The BMW M Coupe Happened Against the Odds. We Need More of That Now
Despite car companies’ aversion to risk, there has always been some character clamoring for more excitement. We need more of that today.
The design is a plot twist. In front, a postmodern spin on art deco; in back, a mid-century hot rodder’s fever dream, all flared fenders and fat rubber. Visual tension gives the BMW M Coupe a sardonic edge, more like Bud Cort’s doomed Jaguar E-Type hearse from Harold and Maude than an earnest tin-top like the Triumph GT6 or a purposeful British shooting brake.
But you knew this, right? No doubt, the M Coupe is one of the most-loved, most-talked-about, most-up-bid cars of our current youngtimer-era craze. It’s also one of those cars that happened against all odds, driven purely by enthusiasm within the brand. Not to mention, it’s built on the bones of a roadster that bubbled up through a staid business process, by a brand that once considered enthusiast positioning serious enough to take a rare risk.
On the occasion of the M division’s 50th anniversary recently, I drove the M Coupe and its droptop sibling, the Z3 M Roadster, on the same weekend. Sold between 1997 and 2002, they represent remarkable achievements from an era of BMW before turbochargers or hybrid power or full-on EVs joined the fray.
The two-seaters made their acquaintance on a road trip from BMW’s U.S. home in Spartanburg, South Carolina, to the Amelia Island Concours in Florida, on a route that combined freeway driving with the flat, winding B-roads of the Southeastern Coastal Plain. While not a proper performance test, one thing was certain: There’s still no beating BMW’s sublime six of that era for power, sound, and mechanical theater. The demo cars were both later-period models from BMW’s own collection. Both had the naturally aspirated S54 inline-six engine, with its joyful combination of old-school German motorsports engineering and late-20th-century tech. That S54 continues to justify the collector-market premium for every model in which it was standard issue.
While both cars lack the steering crispness of their mid-engined rival from across the Danube, the Porsche Boxster, their massive grip plus low seating position and pivot-at-the-hips center of gravity make them hugely satisfying on secondary highways. Neither is particularly intuitive to drive, however; both require deep concentration and a bit of faith in what comes after the limits of adhesion. Both cars should have been sold with a free afternoon on a skidpad, far from immovable objects, to get a feel for their breakaway behavior before venturing into public. Still, considering how the M Coupe devours the high-speed corners of Georgia’s State Route 252, I’m still shocked to have left the Peach State without donating three figures to local law enforcement.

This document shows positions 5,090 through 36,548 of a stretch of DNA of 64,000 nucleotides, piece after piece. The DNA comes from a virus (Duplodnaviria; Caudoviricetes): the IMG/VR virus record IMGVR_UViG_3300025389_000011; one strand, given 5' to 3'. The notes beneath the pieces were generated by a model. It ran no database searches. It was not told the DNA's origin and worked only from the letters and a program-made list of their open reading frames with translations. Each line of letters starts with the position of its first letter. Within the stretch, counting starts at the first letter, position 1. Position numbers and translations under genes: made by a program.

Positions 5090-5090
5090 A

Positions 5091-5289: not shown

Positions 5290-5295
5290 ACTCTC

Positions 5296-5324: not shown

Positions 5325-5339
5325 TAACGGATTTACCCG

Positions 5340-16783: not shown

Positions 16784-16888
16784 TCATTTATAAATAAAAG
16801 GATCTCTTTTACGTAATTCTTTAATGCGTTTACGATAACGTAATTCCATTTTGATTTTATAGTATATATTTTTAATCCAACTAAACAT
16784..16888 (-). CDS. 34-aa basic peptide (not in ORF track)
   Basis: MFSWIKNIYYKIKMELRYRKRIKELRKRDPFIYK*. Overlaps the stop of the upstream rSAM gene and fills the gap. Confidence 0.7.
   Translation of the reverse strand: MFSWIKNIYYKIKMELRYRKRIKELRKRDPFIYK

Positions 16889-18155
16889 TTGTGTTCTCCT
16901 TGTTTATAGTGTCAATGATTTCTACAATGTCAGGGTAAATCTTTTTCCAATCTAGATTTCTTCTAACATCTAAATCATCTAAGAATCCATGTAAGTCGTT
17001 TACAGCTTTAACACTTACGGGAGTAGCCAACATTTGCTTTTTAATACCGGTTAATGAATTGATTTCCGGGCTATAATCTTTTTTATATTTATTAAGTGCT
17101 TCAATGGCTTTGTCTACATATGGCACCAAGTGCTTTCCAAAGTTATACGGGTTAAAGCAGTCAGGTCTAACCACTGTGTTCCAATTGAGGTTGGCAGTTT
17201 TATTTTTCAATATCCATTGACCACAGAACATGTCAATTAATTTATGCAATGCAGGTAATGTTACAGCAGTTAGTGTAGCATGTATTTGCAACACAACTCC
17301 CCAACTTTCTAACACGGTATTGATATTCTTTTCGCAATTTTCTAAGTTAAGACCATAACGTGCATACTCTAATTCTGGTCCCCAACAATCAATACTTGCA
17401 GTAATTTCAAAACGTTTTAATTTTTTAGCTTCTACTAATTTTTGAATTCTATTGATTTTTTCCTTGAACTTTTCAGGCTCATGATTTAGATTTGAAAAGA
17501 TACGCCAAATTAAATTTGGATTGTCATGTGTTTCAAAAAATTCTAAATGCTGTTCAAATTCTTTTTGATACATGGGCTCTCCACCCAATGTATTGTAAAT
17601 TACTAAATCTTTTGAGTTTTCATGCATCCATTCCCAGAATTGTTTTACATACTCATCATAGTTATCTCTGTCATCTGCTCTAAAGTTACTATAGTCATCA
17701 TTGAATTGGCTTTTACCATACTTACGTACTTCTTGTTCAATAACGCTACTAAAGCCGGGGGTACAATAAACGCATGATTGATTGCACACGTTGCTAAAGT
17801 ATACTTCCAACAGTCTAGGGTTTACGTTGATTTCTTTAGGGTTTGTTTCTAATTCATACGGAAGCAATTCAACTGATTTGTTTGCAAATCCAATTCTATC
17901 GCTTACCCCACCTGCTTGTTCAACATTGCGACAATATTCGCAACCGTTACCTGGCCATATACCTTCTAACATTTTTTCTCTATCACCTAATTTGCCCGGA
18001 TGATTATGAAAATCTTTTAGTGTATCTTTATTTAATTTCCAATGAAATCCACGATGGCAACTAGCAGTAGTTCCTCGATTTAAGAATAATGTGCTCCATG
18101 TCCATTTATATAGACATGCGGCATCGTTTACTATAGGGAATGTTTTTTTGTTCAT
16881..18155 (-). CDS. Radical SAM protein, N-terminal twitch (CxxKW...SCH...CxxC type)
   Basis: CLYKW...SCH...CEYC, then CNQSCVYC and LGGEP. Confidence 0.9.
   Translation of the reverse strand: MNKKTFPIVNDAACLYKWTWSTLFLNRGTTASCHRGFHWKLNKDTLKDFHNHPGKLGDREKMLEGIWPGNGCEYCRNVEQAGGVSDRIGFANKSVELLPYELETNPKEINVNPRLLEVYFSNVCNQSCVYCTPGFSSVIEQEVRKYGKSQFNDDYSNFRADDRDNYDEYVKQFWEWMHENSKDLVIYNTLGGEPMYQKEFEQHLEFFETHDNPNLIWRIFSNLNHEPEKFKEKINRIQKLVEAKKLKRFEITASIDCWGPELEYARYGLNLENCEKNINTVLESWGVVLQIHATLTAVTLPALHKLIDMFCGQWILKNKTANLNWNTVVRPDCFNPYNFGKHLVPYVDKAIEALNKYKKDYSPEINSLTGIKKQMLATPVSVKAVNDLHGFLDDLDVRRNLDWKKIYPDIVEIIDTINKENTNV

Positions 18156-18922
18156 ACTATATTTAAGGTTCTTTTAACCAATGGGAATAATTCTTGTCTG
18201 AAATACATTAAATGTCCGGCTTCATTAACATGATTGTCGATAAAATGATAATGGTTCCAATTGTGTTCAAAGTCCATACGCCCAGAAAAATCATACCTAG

The freeway stretches offered time to think about more than driving dynamics. I imagined BMW in the early 1990s. The Bavarians by then had shrugged off their coltish past and were leaning into serious autobahn metal. Why then, after a couple of unhurried roadster-building attempts over the years—like the oddball retracting-door Z1 that never even got sold in America—did BMW suddenly go all-in on the Z3? And further, where did BMW find the corporate quirk to express its ethos as—what’s the word I’m looking for? extemporaneously?—as it did with the M Coupe? This is the kind of stuff that keeps me up at night. Later on, I did some research and found answers.
I loved the M Coupe the moment I saw it, 20-odd years ago—in Oxford Green II Metallic over black—on New York City’s Belt Parkway in Laurelton. The aberrancy of such a car exiting from the mature, efficiency-driven auto business was jarring. More jarring than even the Plymouth Prowler, whose premeditated cartoonishness landed with the honk of a clown’s squeeze horn. The M Coupe hit so acutely that I wound up launching a website in 2004 devoted to the often unexplainable thing that makes some cars more than just a convenient way to acquire TV dinners and Cat Chow.
For the M Coupe, that thing was a certain beauty in imperfection. In Japan, that’s called wabi-sabi, which according to Psychology Today is either a feeling, an aesthetic, or a philosophy. It’s a mood evoked by randomness layered atop order: a pattern of moss on a cobblestone, a crayon-scribbled heart taped to a fridge, a tree that looks like sadness. However you define it, the BMW M Coupe’s idiosyncrasies deliver wabi-sabi all over the place.
Of course, BMW didn’t build the M Coupe with wabi-sabi in mind. A group of enthusiastic engineers were, after hours, solving a problem. That problem was a lack of structural rigidity that made the Z3 Roadster, while fun to drive, imprecise as a high-performance car. A fixed roof would keep the Z3’s frame from flexing as cornering forces acted on it, making it more alert, reactive, and responsive to dynamics tuning. In the parlance of the time, an Ultimate Driving… well, you know.
Those engineers, led by Burkhard Göschel, who’d headed the Z3 Roadster development team, had a second problem to solve: making the coupe cheap enough to produce alongside the roadster. The most elegant answer was a simple roofline reminiscent of the 1940 BMW 328 Mille Miglia, which could be incorporated into the existing tooling. It created an upright bearing with copious window space, giving the Coupe a Series 3 Jaguar E-Type 2+2 vibe. A boardroom debate about whether or not to build the Z3 and M coupes kicked off, and—oh, to be a fly on the wall in those days—BMW’s product development boss Dr. Wolfgang Reitzle, a notorious hardass with a mischievous streak, and BMW's boss at the time, Bernd Pischetsrieder, sided with the engineers and gave them the green light.